Overview: The webinar will explain the process for covered entities and business associates to use to draft, adopt, and implement HIPAA compliance policies. The webinar will begin with a discussion of how to decide, using a gap analysis and a risk analysis, what policies the organization needs, including required, addressable, and other policies. Then, the webinar will cover writing a policy. Writing a policy is easier than one may think. It is a three-step process: researching, drafting, and revising.
This webinar will teach you to ask questions, solicit help, collect samples, keep the principles of substance, organization, coherence, style, and correctness in mind while you are drafting, send your draft out for review, incorporate comments, implement the policy, and repeat as necessary. The prospect of developing and writing perhaps as many as 70 policies to attain HIPAA compliance may still seem daunting, but this webinar will teach you how to make a checklist, take it step by step, and enlist the help of others when you need it.
Why should you attend: The majority of the DHHS civil money penalties and settlements in lieu thereof involve, sometimes with other violations, failure to perform a written risk analysis, failure to develop required policies, and failure to conduct adequate HIPAA training. These penalties usually are in the seven-figure range.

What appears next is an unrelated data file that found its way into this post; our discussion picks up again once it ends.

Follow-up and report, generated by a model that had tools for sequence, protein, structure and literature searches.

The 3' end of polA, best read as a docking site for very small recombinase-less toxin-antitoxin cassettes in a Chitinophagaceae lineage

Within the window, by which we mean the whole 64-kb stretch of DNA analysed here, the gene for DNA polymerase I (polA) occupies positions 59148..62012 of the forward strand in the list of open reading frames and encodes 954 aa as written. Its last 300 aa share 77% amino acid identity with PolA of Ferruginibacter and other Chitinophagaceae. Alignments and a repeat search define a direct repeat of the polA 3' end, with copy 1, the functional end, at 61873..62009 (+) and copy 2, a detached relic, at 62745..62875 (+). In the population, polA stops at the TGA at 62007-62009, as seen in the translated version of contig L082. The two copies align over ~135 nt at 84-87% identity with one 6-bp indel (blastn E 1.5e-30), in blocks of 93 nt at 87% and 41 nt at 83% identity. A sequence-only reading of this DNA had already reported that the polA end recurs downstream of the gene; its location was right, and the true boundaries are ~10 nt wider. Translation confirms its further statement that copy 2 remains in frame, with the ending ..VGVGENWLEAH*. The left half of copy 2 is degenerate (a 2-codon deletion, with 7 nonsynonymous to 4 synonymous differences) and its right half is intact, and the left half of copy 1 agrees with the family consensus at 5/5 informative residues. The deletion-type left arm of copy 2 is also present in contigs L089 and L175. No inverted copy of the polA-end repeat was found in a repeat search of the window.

Failure to conduct a written risk analysis, adopt required policies, or conduct required training qualifies as "willful neglect," which carries the highest civil money penalty ("CMP") and which penalty cannot be waived by DHHS as can violations due to a reasonable cause. DHHS entered into a settlement with Massachusetts General Hospital for $1 million for a breach involving leaving paper PHI records on a subway. The sanction was because Massachusetts General had not trained its workforce on proper security for PHI taken offsite and did not have a work-at-home policy. Significantly, HIPAA does not even mention working at home, much less specifically require such a policy.
Areas Covered in the Session:
Learn how to decide which policies to write and adopt, using gap analysis and risk analysis
Learn which policies are required and which are addressable
Learn about other policies that your organization may need that are not mentioned in the HIPAA regulations but that organizations have nonetheless been fined for not having
Ask questions. Learn why you need to nail down the answers to at least 12 questions before you try to write a policy and how to do so
Solicit help. Learn whom to solicit help from both within and outside your organization and when and why and how
Collect samples. Learn what samples to collect and from whom
Substance. Learn what substance means and how to achieve it
Organization. Learn how to draft a clear beginning, a clear middle, and a clear end
Coherence. Learn how to connect your ideas so that readers will not have to wonder where something came from or why
Style. Learn how to write for your target audience as simply and clearly as possible
Correctness. Learn how to get rid of the static in your writing
Review. Learn whom to contact to review your drafts
Incorporate. Learn how to resolve disputes and incorporate changes
Implement. Learn how to lay out a plan for implementation of the policy, including publishing, distribution, implementing (and perhaps even training the workforce on the policy), and schedule for annual review and revision, if necessary
Questions and answers
Who Will Benefit: